• Page 35

    (1) In December 2016, we completed the Canadian Divestiture and recognized a gain on sale of business (refer to Note 2 of the Notes to the Financial Statements for additional discussion). (2) Includes impairment of intangible assets of $108.0 million, $86.8 million and $46.0 million for the years ended February 28, 2019, February 28, 2018, and February 28, 2017, respectively (refer to Note 7 of the Notes to the Financial Statements for additional discussion). (3) Includes a net gain in connection with the sale of our Accolade Wine Investment of $99.8 million for the year ended February 28, 2019 (refer to Note 2 of the Notes to the Financial Statements for additional discussion). (4) Includes unrealized net gain from the changes in fair value of the Canopy securities measured at fair value of $1,971.2 million and $464.3 million for the years ended February 28, 2019, and February 28, 2018, respectively (refer to Note 7 of the Notes to the Financial Statements for additional discussion). (5) Consists of a make-whole payment of $73.6 million in connection with the early redemption of our April 2012 senior notes and the write-off of debt issuance costs of $23.4 million in connection with prior-to-maturity repayments of various debt obligations for the year ended February 28, 2018 (refer to Note 12 of the Notes to the Financial Statements for additional discussion). (6) Includes a provisional net income tax benefit of $351.2 million for the year ended February 28, 2018, associated with the December 2017 enactment of the TCJ Act (refer to Note 13 of the Notes to the Financial Statements for additional discussion). Item 7. Management’s Discussion and Analysis of Financial Condition and Results of Operations. Introduction This MD&A, which should be read in conjunction with our Financial Statements, provides additional information on our businesses, current developments, financial condition, cash flows and results of operations. It is organized as follows: Overview. This section provides a general description of our business, which we believe is important in understanding the results of our operations, financial condition and potential future trends. Strategy. This section provides a description of our strategy and a discussion of recent developments, investments, acquisitions and divestitures. Results of operations. This section provides an analysis of our results of operations presented on a business segment basis. In addition, a brief description of transactions and other items that affect the comparability of the results is provided. Financial liquidity and capital resources. This section provides an analysis of our cash flows and our outstanding debt and commitments. Included in the analysis of outstanding debt is a discussion of the amount of financial capacity available to fund our ongoing operations and future commitments, as well as a discussion of other financing arrangements. Critical accounting estimates and policies. This section identifies those accounting policies that are considered important to our results of operations and financial condition, require significant judgment and involve significant management estimates. Our significant accounting policies, including those considered to be critical accounting policies, are summarized in Note 1 of the Notes to the Financial Statements. Effective March 1, 2018, we adopted the FASB amended guidance regarding the recognition of revenue from contracts with customers using the retrospective application method. Accordingly, unless otherwise noted, we have restated net sales, gross profit, operating income, provision for income taxes and net income attributable to CBI for the years ended February 28, 2018, and February 28, 2017. For additional information, refer to Note 1 of the Notes to the Financial Statements. 25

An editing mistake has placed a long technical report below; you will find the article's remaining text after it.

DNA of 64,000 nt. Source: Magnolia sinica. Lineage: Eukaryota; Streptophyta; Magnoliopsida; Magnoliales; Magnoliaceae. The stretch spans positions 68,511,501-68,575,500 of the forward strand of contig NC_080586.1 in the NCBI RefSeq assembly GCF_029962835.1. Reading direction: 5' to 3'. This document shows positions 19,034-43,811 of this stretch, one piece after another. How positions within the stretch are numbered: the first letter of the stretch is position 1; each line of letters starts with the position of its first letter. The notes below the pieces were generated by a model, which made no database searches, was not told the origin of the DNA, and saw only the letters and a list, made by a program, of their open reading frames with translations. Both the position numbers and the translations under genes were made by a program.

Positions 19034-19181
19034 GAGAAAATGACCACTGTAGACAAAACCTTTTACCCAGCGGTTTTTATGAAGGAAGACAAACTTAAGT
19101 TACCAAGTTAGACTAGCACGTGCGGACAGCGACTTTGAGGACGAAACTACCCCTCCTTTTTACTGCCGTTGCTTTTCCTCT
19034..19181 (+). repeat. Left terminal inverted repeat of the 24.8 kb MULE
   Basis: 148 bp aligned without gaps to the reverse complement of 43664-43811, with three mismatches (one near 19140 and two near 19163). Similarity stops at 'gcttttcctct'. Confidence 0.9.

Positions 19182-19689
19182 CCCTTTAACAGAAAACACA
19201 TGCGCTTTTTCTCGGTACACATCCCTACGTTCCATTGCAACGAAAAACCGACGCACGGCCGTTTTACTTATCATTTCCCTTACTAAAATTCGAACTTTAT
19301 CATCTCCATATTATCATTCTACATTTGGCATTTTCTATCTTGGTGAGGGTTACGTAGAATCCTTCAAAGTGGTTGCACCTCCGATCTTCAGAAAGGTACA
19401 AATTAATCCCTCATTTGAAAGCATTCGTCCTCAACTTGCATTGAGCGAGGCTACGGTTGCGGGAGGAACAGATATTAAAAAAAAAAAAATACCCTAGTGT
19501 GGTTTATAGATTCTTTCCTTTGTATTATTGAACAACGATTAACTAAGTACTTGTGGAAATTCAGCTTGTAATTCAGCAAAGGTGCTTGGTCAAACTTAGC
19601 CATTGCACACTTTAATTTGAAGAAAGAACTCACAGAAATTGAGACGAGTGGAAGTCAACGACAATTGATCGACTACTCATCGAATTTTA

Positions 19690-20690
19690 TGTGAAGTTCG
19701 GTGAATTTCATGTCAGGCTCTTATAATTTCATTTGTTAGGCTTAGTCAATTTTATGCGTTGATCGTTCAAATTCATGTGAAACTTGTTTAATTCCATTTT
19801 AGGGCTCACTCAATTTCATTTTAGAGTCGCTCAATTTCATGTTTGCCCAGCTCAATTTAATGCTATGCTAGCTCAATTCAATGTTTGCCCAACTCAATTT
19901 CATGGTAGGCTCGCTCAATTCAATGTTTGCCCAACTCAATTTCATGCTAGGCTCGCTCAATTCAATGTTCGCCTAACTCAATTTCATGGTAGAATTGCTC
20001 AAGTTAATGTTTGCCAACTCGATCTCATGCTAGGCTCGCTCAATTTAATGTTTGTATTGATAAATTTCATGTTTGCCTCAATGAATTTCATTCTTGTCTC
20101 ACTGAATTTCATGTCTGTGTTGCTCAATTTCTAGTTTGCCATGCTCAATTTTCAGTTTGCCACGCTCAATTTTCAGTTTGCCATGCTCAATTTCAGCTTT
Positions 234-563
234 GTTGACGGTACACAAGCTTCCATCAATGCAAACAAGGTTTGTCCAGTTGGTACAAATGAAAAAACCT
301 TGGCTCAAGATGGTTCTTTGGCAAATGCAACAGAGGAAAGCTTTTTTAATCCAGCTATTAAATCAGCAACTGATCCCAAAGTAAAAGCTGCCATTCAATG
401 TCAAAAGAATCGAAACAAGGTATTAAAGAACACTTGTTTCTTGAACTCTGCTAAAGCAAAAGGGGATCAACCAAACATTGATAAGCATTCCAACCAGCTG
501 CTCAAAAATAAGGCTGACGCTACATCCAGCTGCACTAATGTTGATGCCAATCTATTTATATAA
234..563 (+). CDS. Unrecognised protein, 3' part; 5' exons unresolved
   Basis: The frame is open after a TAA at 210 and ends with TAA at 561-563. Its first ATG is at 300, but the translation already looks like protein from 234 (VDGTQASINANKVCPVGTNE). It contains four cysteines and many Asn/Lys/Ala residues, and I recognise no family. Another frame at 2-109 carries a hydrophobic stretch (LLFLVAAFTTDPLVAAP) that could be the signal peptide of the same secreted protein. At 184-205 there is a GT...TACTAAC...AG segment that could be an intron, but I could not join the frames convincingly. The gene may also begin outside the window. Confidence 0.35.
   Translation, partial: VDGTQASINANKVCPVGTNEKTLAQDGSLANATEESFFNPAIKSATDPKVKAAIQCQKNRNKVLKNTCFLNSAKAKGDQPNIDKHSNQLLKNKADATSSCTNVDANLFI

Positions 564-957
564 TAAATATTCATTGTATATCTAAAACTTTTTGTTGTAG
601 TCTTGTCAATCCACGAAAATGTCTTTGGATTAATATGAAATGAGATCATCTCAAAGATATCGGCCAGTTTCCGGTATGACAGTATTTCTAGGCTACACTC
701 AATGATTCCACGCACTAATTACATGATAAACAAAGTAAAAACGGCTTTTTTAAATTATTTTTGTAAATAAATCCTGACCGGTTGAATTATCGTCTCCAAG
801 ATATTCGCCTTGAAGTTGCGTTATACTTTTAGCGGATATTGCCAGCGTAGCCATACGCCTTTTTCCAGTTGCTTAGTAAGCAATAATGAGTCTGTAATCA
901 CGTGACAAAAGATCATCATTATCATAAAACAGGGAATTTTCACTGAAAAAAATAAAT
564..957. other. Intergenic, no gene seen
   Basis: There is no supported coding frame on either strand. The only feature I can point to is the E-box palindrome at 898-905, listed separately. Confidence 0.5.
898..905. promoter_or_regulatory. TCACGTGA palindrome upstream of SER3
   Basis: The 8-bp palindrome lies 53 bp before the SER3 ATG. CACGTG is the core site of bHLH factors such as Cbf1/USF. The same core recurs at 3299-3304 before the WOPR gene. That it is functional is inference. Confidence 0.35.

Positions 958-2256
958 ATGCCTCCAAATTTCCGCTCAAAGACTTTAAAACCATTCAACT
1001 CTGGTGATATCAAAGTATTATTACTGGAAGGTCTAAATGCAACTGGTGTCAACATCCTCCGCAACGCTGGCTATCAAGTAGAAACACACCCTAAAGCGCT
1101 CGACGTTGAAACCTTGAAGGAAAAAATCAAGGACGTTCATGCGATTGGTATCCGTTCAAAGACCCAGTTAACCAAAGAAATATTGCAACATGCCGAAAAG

• Page 36